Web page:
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Digging into the research methods of educational studies can be akin to looking under the hood of a car: most people see a lot of complex machinery without grasping how it all actually works. At least with cars, we can take them for a test drive. But with research, it’s not so straightforward.
How do educators and policy makers—and, for that matters, researchers themselves—know they can trust the findings generated by the tools and techniques of education research?
For years, Penn GSE’s John Fantuzzo and his research team have been leveraging big data systems to paint a more holistic picture of the challenges facing Philadelphia’s schoolchildren. In addition to looking at school demographics, Fantuzzo’s team cross-referenced city data on students’ homelessness, lead exposure, low birth weight and more.
In 2018, Philadelphia will again have a local school board after 17 years of state control under the School Reform Commission.
Mayor Jim Kenney has proposed that he should have the power to appoint a board, with City Council given the chance to confirm members.
In 2011, the Danish government put out an open invitation to school leaders, teachers, policy makers, and industry partners to imagine a complete overhaul of the nation’s schools, serving students aged 1 to 19.
Students in schools where teachers have a greater role in school leadership and design of instruction perform better in mathematics and English language proficiency, as detailed in a new white paper from Penn GSE’s Richard Ingersoll.
[[image|center|caption=Richard Ingersoll is a member of Penn GSE's top-ranked Education Policy division.|width=650|src=https://www.gse.upenn.edu/system/files/u225/Ingersoll-teaching.jpg]]
Before Philadelphia's William M. Meredith School partnered with Penn GSE and the Consortium for Policy Research in Education, most math classes were traditional lectures. But as part of the Ongoing Assessment Project, teachers at the school began reworking their lessons.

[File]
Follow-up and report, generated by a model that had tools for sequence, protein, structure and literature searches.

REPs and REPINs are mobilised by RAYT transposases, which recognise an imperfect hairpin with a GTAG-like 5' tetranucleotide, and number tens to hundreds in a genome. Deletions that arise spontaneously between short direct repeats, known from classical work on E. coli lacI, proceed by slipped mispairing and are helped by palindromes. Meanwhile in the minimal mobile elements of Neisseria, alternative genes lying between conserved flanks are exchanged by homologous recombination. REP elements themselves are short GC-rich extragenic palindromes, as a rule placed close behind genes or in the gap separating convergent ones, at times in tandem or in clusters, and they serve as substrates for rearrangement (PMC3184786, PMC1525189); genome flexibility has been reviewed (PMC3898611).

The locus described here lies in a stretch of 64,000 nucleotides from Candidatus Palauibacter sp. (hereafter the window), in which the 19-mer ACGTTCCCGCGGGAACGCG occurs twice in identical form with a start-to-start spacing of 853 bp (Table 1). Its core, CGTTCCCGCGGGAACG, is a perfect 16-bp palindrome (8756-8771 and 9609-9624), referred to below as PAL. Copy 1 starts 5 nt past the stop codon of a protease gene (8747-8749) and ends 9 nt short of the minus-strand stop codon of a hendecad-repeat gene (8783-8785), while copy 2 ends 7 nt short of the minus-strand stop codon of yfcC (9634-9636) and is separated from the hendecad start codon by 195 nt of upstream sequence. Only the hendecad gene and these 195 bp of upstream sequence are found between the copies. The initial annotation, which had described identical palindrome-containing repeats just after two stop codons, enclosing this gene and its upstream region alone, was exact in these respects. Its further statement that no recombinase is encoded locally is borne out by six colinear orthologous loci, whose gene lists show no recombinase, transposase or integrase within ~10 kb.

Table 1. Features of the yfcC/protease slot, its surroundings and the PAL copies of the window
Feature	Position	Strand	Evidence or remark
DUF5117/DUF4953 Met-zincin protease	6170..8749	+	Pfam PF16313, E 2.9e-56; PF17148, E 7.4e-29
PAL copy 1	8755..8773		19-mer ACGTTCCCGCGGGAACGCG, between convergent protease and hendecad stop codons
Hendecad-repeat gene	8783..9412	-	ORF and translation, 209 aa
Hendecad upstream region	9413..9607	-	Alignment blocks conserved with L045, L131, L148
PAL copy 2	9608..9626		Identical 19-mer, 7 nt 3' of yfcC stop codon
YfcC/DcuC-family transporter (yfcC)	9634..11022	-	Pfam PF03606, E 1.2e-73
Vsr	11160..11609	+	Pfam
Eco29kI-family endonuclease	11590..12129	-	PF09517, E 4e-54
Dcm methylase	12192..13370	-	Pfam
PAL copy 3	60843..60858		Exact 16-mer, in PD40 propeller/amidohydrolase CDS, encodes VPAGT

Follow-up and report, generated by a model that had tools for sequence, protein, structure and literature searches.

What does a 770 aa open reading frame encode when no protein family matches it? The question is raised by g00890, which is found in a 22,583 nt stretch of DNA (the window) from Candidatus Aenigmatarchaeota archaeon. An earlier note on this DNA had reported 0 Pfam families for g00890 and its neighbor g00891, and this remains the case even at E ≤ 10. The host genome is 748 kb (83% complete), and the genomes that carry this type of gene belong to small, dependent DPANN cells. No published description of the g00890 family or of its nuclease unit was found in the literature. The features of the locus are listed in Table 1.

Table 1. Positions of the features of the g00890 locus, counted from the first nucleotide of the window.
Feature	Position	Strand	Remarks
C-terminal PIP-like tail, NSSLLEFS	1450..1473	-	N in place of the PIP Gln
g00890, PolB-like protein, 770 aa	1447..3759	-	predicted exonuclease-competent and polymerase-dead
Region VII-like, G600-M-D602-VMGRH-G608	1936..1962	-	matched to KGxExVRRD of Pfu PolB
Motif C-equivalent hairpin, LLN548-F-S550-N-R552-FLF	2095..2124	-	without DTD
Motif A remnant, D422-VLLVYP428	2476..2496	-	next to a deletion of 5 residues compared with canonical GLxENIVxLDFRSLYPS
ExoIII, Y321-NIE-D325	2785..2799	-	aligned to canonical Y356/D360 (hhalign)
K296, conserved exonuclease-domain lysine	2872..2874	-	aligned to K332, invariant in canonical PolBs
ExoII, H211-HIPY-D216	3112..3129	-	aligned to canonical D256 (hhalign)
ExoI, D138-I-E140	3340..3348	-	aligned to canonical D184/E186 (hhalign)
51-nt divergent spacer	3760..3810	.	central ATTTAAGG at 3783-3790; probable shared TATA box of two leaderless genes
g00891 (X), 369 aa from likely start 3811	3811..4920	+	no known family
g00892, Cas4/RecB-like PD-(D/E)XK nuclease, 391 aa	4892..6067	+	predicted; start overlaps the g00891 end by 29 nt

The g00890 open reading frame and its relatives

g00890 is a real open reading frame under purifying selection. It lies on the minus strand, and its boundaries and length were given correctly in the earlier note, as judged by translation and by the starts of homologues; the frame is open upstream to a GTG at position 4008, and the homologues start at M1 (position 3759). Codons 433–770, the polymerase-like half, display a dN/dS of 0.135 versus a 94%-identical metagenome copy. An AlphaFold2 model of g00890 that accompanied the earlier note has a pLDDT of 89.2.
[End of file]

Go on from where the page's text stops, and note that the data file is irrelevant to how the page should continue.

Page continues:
Students notice the difference, according to a story in The Philadelphia Tribune.
“We will ask a kid a very open-ended question and the key is to show their thinking," math lead teacher Jessica Tilli told The Philadelphia Tribune.
In 2016, after the NAACP passed a resolution calling for a moratorium on the expansion of charter schools, the organization began a nationwide listening tour to hear from people on all sides of the debate.
Cornell Brooks, who was then president of the NAACP, attended meetings across the country.
Debates around race, sexual assault, LGBTQ rights, immigration policy, and an array of political issues have become flashpoints at many American colleges. In Free Speech on Campus, Penn GSE’s Sigal Ben-Porath asks how colleges have traditionally approached free expression, and if they have to change now that the student population is more diverse, the internet has changed communication, and everyone carries a camera in their pocket.
Most adults, including parents, don't spend much time in schools. As a result, when they think about education issues, they naturally look through the lens of their own student experiences. Since many of the routines of schooling are similar, it can be easy to believe schools themselves have stayed the same in recent decades.
It's also a mistake, Penn GSE education historian Jonathan Zimmerman told Chalkbeat. [[image|right|faculty=5556|caption=Dr. Jonathan Zimmerman]]